A new neurological focus in neonatal intensive care.

Department of Pediatrics, UCSF School of Medicine, UCSF Benioff Children's Hospital, Box 0410, 513 Parnassus Avenue, S211, San Francisco, CA 94143-0410, USA.
Nature Reviews Neurology (Impact Factor: 15.52). 08/2011; 7(9):485-94. DOI: 10.1038/nrneurol.2011.119
Source: PubMed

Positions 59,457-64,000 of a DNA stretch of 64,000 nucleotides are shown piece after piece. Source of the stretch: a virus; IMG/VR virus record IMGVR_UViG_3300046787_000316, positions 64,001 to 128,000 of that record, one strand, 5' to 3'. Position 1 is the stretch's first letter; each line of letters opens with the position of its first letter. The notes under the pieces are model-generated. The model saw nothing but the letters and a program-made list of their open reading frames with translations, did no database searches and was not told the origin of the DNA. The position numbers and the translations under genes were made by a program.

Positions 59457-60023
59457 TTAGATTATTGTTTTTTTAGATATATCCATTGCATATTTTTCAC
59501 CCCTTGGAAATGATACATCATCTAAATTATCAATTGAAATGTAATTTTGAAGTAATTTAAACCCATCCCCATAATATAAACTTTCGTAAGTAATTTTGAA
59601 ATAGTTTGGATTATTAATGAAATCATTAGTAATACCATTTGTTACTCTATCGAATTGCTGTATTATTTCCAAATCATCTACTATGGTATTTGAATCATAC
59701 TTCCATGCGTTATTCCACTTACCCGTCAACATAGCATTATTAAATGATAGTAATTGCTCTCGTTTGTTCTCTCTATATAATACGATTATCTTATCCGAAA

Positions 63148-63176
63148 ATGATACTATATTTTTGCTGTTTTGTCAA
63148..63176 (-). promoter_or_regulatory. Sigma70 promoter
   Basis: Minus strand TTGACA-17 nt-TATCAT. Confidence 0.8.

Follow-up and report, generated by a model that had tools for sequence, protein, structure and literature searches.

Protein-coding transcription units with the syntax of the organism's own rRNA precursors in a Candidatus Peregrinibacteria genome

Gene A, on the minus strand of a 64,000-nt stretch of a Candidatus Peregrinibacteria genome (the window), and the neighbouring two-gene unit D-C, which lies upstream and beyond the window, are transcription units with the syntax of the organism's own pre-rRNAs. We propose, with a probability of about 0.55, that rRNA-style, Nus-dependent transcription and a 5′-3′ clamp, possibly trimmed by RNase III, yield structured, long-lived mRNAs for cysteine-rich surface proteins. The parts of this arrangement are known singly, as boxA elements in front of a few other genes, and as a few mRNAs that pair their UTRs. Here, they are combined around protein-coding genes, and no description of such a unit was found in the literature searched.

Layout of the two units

ABSTRACT Advances in the care of high-risk newborn babies have contributed to reduced mortality rates for premature and term births, but the surviving neonates often have increased neurological morbidity. Therapies aimed at reducing the neurological sequelae of birth asphyxia at term have brought hypothermia treatment into the realm of standard care. However, this therapy does not provide complete protection from neurological complications and a need to develop adjunctive therapies for improved neurological outcomes remains. In addition, the care of neurologically impaired neonates, regardless of their gestational age, clearly requires a focused approach to avoid further injury to the brain and to optimize the neurodevelopmental status of the newborn baby at discharge from hospital. This focused approach includes, but is not limited to, monitoring of the patient's brain with amplitude-integrated and continuous video EEG, prevention of infection, developmentally appropriate care, and family support. Provision of dedicated neurocritical care to newborn babies requires a collaborative effort between neonatologists and neurologists, training in neonatal neurology for nurses and future generations of care providers, and the recognition that common neonatal medical problems and intensive care have an effect on the developing brain.

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